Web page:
All I am trying to say is that a lot of Egyptians actually find the protests were too long and stubborn, leading to unnecessary clashes. Some are beginning to admit even their family and friends hold different opinions - some pro, some against and some neutral, but I do not see anyone paying attention to that side of the events or those differing egyptians at all! While the protesting ones are glorified to the extent that the foolishly dead are now called martyrs.

    I think we are quite one at human rights, they are quite simple and well spelled out black on white or what. No need necessarily to think others, if they disagree, must be below you intelligence or values, because you of course must be unerring, or what. But in real life one sometimes (quite often actually) needs to choose between not good and bad, but bad and worse. Do you protect "democracy" and let someone kill your people by hundreds, or do you yourself kill/torture or whatever someone, to keep those hundreds alive? Which would you do, J?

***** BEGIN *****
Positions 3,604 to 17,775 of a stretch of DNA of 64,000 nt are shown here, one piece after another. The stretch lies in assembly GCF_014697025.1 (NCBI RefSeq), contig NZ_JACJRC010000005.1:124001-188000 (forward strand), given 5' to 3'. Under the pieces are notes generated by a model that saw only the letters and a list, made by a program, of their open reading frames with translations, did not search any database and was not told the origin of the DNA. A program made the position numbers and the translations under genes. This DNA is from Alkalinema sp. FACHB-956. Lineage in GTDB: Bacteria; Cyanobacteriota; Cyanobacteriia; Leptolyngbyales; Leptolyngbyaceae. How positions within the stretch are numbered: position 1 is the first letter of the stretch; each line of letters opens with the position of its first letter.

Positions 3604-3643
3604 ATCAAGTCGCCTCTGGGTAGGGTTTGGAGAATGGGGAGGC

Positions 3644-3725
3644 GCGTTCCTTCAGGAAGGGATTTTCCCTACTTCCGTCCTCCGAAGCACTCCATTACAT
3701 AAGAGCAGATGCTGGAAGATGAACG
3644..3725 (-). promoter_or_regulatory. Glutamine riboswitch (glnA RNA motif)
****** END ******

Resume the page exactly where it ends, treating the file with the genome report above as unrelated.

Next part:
Some further reading here:

    A book:
    Graham Greene "The Quiet American" - very much to the point

    And some more books, a bit light for serious academics but anyway - they offer an insight into Egypt. Hope the one on Mubarak will go to press, too.

    About free, open and fair elections... again beautifully idealistic, but HM indeed is not the one obstructing the way to those. Watch Iraq. Even West Europe is not really democratic yet, still mostly represented by the active minority rather than any real majority. Get voting stats and make your own conclusions.

    Maybe am too hard on you, but am really tired of people just copy&pasting automatic views, without even doubting that they perhaps may not understand a different country and different circumstances. Then I come here for some interesting info perhaps on Lebanon, on how or if it really differs from Egypt or why it is called the Paris of Middle East, and - again...